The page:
He was 10 when his father began laying the groundwork for the Freakshow, and remembers being a bit nonplussed by the whole undertaking. "My dad started collecting strange animals and things in jars, and at first I thought it was weird. After a while, though, I got used to it and once we opened up in Venice Beach, I really started to like it. It's fun and I'm always meeting new people – famous people, unusual people," he says. "And the people we work with are like family. They care about us, and I care about them like brother and sisters."
Of course, most teenagers don't own a business, much less have a stake in a decidedly unorthodox amusement center. Inevitably, Phoenix's routines aren't those of a typical teenager. "Most kids at my school have routine lives, and they hang out with their friends on the weekends. For me, weekends are when I go to work. Sometimes I travel to pick up new animals. Or I'm meeting new people who come to perform at the Freakshow," he remarks. "There's one side of me, where I want to hang out with my friends. But on the other hand, I get to have these great experiences that none of my friends will never have. It's an exciting life."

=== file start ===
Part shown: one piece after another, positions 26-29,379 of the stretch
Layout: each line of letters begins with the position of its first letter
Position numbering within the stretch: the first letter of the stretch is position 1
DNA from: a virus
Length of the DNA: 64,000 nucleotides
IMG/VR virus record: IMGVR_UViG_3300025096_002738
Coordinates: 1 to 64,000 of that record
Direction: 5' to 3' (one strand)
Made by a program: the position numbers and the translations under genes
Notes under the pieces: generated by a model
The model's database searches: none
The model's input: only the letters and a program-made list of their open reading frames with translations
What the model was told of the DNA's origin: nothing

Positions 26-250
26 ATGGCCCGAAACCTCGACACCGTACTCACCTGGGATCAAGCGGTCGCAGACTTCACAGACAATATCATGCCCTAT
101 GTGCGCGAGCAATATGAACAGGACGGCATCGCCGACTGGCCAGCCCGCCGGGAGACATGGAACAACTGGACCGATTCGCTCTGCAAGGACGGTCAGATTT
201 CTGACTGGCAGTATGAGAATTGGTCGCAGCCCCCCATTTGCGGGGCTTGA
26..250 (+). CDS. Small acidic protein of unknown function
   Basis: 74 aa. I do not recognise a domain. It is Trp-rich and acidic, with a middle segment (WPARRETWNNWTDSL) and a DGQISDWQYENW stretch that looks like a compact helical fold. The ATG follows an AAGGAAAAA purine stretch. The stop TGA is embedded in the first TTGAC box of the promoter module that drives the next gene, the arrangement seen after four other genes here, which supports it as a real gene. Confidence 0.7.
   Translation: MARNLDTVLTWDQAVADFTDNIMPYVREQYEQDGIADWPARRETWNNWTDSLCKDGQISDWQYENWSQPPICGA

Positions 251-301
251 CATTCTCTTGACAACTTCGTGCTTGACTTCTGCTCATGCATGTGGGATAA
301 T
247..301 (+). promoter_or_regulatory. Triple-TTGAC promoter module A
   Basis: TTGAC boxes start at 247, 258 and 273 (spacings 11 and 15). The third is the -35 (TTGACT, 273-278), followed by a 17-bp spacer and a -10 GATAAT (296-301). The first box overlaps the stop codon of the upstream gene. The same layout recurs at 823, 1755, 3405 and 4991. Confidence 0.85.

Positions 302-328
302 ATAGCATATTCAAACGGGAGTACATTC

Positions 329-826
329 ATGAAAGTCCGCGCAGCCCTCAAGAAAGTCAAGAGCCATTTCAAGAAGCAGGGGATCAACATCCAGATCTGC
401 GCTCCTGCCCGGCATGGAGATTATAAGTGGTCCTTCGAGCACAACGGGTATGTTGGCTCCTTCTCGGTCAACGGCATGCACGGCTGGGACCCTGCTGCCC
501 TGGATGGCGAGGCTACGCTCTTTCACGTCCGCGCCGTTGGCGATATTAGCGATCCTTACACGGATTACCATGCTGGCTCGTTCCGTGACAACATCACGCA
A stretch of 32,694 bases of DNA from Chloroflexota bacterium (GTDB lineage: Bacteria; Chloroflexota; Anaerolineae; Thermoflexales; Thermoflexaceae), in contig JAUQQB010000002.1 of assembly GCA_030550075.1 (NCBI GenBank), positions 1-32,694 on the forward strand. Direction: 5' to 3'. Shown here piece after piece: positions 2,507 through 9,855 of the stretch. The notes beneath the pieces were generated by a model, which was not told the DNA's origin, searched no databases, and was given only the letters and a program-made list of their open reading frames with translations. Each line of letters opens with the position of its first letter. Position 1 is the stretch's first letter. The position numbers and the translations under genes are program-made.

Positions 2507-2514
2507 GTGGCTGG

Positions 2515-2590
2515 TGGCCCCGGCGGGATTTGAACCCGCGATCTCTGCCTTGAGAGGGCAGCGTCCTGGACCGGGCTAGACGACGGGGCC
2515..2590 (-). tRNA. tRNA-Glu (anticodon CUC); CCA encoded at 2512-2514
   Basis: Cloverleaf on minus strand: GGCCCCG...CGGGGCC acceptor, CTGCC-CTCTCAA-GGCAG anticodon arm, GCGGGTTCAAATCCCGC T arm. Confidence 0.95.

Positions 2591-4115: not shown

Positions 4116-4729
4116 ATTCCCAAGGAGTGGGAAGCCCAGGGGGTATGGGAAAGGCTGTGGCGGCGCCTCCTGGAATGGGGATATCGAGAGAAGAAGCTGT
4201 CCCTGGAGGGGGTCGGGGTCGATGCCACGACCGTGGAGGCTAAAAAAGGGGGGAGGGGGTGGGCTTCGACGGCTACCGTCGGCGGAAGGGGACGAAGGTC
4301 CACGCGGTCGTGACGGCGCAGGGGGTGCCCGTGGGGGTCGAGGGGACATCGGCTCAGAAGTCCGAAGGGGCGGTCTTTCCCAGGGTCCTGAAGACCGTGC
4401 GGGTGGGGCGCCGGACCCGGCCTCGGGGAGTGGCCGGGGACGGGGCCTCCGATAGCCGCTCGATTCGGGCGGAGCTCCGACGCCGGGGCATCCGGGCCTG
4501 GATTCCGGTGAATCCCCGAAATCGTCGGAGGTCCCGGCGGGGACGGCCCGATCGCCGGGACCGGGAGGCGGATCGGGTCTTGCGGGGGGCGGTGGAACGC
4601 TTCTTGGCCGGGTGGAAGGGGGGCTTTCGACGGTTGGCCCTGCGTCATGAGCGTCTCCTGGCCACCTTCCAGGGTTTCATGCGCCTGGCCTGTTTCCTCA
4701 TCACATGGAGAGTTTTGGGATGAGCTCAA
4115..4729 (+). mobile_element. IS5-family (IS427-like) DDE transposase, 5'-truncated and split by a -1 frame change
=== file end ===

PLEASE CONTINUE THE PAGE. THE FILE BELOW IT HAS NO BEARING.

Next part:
Now a junior in high school, Phoenix is mulling his options for the future. An avid fan of nonfiction medical programming, he's fascinated by the workings of the body and is looking into colleges with advanced anatomy programs (he's particularly keen to work with cadavers). Meanwhile, performing with the Venice Beach Freakshow isn't out of the question. "It's inspiring to watch the performers go onstage, with the audience clapping and excited to see what they're going to do in their acts. Sometimes I think, 'I want to do that.' And I know that everyone would help me and teach me."